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Key Snow Leopard Conservation and Research Reports

Here you’ll find links to the top most important conservation and research reports on snow leopard conservation issues by experts from around the world.

Snow Leopard Survival Strategy 2014.1The Snow Leopard Survival Strategy (SLSS) is a document developed through the cooperation and collaboration of many individual and organizational members of the Snow Leopard Network.

The membership includes leading snow leopard experts in the public, private, and non-profit sectors.

The SLSS aims:

  • to summarize current knowledge on the distribution, status and biology of the snow leopard
  • to consolidate the knowledge of snow leopard researchers and conservationists worldwide
  • to identify the key threats to their survival, review the existing state of research and conservation programs, and identify priorities for action.

The specific goals of SLSS are to:

  • Assess and prioritize threats to snow leopard across their range
  • Define and prioritize appropriate conservation, education, and policy measures to alleviate threats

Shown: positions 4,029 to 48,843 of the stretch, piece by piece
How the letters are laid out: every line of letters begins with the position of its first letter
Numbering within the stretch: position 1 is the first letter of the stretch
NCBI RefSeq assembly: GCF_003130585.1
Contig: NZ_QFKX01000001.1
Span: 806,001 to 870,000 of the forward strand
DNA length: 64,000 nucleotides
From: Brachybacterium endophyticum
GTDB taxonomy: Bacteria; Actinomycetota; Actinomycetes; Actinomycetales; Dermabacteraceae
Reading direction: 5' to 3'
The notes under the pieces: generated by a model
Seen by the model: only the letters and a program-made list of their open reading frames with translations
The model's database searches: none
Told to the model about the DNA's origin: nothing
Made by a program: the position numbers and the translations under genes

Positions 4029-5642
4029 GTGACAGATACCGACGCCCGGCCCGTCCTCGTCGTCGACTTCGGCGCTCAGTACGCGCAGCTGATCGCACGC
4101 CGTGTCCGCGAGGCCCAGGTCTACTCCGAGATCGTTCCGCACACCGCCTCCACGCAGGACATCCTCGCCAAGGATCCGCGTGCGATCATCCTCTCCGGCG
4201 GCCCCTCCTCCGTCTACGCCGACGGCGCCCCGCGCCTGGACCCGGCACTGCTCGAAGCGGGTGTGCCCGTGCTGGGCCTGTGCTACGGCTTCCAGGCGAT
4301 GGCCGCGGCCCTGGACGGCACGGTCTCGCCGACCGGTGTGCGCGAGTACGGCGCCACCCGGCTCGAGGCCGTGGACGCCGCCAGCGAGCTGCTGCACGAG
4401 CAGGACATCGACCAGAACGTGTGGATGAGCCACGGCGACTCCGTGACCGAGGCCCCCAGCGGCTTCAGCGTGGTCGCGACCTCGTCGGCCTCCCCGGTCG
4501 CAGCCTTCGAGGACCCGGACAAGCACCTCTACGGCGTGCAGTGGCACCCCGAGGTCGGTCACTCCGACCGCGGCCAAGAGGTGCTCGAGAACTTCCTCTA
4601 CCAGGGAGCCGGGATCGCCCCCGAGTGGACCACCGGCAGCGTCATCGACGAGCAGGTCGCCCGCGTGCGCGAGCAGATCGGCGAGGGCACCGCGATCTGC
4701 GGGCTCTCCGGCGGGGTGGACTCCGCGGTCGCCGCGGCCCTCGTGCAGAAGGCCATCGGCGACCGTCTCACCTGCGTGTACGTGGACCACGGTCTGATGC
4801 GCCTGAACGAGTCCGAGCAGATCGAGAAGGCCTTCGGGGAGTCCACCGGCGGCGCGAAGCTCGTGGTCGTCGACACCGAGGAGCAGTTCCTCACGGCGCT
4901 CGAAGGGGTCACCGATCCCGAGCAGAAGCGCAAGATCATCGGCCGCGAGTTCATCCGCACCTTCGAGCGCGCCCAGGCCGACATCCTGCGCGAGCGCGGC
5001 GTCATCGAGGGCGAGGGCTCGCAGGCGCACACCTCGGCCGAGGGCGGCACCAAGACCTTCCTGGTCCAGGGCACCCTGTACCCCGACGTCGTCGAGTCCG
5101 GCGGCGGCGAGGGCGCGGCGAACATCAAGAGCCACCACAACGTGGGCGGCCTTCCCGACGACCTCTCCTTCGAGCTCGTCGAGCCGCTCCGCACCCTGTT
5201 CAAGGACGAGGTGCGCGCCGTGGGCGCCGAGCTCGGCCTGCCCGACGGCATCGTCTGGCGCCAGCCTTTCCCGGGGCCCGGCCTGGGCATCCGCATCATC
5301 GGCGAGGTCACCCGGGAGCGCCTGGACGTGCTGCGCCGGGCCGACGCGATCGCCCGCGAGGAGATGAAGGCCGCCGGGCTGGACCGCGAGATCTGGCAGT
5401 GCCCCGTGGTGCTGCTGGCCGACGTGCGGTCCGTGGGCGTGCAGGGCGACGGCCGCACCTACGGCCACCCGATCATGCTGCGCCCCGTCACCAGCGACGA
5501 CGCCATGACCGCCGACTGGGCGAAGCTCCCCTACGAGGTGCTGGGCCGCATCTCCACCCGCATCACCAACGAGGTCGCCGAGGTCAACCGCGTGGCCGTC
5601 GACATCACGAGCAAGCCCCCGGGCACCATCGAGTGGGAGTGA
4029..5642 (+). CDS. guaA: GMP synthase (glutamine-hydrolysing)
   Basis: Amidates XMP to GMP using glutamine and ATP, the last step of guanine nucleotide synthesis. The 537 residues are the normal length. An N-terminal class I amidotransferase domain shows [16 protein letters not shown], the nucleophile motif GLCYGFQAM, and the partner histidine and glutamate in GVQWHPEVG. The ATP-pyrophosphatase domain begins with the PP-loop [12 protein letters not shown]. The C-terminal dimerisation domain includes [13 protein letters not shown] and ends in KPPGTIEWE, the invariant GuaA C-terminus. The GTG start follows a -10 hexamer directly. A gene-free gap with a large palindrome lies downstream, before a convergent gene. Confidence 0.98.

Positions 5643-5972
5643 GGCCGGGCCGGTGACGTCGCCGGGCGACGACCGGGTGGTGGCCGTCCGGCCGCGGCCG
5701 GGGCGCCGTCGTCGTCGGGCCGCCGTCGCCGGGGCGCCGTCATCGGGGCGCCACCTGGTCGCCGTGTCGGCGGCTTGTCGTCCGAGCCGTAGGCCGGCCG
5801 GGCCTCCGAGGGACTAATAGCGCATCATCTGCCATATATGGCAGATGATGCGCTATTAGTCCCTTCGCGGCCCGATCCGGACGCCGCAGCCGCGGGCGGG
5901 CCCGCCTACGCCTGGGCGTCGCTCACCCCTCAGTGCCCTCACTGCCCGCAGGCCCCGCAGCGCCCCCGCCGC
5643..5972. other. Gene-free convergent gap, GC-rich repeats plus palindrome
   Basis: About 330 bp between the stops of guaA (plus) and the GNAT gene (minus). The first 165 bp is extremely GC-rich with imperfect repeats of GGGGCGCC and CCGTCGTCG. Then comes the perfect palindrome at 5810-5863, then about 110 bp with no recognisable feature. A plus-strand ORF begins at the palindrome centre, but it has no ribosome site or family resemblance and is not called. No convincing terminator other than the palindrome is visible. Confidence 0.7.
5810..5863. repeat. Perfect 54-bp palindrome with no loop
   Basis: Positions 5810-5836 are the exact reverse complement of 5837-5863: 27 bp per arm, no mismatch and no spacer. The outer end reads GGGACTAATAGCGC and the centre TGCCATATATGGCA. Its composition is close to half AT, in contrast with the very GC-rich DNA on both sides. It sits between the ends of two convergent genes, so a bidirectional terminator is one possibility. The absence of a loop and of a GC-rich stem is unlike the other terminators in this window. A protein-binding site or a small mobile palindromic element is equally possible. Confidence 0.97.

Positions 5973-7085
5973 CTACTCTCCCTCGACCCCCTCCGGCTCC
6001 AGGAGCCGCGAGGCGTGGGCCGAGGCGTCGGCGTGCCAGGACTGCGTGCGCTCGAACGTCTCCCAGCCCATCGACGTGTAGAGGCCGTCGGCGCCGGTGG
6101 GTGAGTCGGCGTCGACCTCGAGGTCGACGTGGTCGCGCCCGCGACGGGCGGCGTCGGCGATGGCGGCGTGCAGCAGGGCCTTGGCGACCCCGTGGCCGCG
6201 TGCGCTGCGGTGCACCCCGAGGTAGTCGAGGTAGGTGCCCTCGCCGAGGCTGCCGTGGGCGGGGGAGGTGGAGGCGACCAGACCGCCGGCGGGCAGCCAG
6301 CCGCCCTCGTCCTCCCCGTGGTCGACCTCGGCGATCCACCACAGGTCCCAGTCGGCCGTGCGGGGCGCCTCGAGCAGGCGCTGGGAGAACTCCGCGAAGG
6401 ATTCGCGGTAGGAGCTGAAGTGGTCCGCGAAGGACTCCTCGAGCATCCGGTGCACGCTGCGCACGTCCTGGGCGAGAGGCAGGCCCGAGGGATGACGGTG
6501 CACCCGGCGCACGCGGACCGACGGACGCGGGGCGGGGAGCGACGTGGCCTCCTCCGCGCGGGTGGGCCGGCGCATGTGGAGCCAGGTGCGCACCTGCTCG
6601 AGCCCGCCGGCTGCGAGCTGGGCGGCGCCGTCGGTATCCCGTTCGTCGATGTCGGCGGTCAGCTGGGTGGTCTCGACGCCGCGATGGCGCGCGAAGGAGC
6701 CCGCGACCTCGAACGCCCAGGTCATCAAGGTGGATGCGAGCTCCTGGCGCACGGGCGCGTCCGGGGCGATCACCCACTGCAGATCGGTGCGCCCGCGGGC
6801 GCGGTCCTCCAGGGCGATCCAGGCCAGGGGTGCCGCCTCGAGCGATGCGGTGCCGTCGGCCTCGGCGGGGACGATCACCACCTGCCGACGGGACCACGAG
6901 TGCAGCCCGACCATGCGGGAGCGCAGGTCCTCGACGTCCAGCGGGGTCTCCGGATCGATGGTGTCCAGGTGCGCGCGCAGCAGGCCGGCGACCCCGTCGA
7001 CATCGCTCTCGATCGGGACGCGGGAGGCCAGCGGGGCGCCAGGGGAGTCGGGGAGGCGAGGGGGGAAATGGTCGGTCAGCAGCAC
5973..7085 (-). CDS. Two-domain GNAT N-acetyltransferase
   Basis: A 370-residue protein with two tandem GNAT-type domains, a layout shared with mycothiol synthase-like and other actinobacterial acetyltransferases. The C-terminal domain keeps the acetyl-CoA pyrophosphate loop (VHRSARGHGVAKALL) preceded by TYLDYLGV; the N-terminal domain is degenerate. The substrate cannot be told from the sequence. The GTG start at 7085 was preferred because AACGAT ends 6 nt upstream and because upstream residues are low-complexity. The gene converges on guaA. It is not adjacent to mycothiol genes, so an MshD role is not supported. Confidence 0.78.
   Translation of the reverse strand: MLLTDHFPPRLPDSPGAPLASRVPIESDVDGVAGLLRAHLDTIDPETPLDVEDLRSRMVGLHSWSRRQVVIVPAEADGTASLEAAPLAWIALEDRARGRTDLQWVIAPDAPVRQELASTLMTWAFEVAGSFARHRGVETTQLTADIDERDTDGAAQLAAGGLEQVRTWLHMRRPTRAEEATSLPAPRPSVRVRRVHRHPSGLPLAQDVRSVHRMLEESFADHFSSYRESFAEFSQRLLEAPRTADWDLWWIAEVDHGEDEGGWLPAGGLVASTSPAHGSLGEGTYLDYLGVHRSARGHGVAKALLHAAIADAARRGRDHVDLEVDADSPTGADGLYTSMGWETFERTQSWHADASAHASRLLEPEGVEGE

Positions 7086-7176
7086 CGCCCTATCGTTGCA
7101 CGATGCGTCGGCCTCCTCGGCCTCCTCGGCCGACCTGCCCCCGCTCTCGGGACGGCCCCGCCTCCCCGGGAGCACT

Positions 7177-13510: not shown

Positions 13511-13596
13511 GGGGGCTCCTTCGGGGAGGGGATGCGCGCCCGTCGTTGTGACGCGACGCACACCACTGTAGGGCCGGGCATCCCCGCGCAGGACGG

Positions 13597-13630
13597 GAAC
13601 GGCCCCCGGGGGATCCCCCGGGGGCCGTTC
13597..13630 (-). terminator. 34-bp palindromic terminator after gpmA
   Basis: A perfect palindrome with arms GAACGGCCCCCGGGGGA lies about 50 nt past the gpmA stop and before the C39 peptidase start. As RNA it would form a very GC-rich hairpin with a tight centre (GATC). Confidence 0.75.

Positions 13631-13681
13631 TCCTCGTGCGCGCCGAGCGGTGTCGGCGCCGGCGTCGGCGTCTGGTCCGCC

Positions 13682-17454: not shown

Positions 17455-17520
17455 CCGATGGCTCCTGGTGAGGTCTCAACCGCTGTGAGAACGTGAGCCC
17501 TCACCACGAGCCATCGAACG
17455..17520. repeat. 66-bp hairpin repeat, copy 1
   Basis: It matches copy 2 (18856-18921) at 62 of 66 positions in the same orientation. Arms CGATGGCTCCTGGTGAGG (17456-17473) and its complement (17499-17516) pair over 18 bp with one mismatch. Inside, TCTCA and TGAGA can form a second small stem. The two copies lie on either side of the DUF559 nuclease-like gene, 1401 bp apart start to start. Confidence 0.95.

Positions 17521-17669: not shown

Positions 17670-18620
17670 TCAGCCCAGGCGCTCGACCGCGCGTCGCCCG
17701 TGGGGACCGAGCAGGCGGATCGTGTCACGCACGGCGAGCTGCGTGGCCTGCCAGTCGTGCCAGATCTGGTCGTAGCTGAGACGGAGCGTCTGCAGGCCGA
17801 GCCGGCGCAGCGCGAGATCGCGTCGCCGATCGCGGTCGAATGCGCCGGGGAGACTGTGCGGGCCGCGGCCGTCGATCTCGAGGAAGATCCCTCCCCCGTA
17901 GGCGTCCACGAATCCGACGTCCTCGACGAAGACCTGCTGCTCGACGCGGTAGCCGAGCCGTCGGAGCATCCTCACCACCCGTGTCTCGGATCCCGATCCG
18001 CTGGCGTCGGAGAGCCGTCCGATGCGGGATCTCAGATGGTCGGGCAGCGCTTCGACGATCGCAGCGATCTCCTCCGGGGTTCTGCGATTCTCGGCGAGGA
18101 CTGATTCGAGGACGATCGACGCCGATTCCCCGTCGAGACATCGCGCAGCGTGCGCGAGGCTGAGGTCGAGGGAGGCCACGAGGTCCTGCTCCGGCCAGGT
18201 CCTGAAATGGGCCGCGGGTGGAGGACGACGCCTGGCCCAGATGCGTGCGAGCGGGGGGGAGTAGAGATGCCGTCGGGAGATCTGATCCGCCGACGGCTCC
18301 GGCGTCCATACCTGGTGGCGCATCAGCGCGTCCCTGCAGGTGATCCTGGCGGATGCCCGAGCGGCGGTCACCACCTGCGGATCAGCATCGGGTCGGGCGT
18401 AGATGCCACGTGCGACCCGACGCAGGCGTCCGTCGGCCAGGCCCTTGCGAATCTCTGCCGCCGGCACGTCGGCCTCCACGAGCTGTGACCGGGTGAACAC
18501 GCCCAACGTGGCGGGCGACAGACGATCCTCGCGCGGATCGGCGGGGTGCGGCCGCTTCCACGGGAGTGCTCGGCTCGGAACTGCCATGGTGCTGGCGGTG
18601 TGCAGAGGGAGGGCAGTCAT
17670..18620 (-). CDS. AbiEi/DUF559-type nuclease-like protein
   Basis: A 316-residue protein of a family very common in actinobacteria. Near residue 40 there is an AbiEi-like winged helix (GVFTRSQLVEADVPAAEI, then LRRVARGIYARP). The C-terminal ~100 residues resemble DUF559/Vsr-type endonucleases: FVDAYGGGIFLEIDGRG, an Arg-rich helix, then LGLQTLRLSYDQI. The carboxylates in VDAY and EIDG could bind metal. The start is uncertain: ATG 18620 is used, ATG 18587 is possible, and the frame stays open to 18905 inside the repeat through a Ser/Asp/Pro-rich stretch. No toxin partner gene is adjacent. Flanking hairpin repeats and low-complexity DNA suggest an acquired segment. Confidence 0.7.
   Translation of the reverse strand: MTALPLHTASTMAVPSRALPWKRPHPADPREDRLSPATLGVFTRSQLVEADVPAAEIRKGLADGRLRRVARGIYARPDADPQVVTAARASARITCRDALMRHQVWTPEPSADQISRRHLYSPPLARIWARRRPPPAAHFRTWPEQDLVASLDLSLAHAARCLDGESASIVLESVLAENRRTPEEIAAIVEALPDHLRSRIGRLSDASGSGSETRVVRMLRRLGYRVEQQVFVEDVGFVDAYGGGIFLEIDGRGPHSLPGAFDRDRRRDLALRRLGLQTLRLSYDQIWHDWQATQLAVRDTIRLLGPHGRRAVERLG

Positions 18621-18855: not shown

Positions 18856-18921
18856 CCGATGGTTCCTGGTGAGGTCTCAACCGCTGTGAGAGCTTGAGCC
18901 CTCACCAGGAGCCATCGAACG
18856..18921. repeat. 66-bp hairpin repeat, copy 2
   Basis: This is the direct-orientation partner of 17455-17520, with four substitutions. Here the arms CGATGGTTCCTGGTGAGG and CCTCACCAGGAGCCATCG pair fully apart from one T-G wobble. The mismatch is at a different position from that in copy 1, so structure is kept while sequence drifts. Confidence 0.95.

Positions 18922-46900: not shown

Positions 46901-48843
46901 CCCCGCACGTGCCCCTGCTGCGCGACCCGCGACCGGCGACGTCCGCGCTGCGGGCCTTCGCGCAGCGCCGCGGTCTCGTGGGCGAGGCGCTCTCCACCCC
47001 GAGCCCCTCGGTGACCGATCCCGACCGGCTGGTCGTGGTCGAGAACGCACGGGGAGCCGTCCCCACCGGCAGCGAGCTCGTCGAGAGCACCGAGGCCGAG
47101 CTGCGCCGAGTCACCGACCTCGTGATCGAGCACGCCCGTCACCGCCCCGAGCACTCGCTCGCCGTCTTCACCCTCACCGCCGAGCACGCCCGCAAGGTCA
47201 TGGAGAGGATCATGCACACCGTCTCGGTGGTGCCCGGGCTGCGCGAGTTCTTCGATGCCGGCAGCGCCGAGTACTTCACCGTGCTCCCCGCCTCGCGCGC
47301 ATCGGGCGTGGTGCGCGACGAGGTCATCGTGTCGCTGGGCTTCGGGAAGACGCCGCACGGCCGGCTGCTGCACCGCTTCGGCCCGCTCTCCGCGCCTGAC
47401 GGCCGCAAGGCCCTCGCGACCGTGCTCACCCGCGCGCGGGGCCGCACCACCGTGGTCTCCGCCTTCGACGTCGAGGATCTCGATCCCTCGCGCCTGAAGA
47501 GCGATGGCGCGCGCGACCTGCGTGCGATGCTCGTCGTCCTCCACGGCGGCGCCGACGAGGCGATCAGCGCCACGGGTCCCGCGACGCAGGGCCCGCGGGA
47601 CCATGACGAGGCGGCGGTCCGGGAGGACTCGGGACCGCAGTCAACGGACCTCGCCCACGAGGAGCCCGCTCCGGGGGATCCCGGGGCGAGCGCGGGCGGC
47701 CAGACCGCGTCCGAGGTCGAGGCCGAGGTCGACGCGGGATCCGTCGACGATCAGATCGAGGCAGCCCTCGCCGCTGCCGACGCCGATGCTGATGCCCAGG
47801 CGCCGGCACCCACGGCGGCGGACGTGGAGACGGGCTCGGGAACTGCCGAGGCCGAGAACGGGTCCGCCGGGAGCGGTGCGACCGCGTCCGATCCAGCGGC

• Prioritize topics for snow leopard research and identify viable and preferred research methods.

The SLSS 2014.1 is available as a website and as a downloadable PDF.


Fading Footprints – the killing and trade of Snow Leopards. A TRAFFIC Report by Stephanie Thiele, 2003.

One of the most comprehensive and powerful reports on the trade of wild snow leopards is “Fading Footprints – the killing and trade of snow leopards.”

It’s a huge piece of research, published in 2003 by TRAFFIC , sadly it makes quite depressing reading. At the time the research was conducted, despite legislation protecting snow leopards in most of their range countries, they are still being hunted and killed for fur and body parts for traditional medicines. When furs can be sold for $US300-$US800 its easy to see the incentive. Retribution killing by farmers protecting livestock is also still common especially in areas where they’ve  not had education on how to protect their livestock.

Recognising that all the range countries have different challenges the report outlines many recommendations for how things could be improved, like strengthening enforcement of the laws. This makes sense. Having laws isn’t enough, if they can’t be enforced  snow leopards hunting will continue. The anti-poaching team, the Gruppa Bars in Kyrgyzstan (see blog post here) is one example of  where law enforcement has made a difference.

Other recommendations include helping the local communities that share snow leopard habitat. This is one of the most important things that both the Snow Leopard Trust and the Snow Leopard Conservancy are doing. It’s been found that when local communities understand how rare and endangered snow leopards are, they are often willing to work to protect the cats as long as the community is not financially disadvantaged.

The report is almost 6 years old. Much has been done by many dedicated agencies and people. But there’s no doubt  the cats are still under huge threat in all range countries. Also much of the information needs to be updated.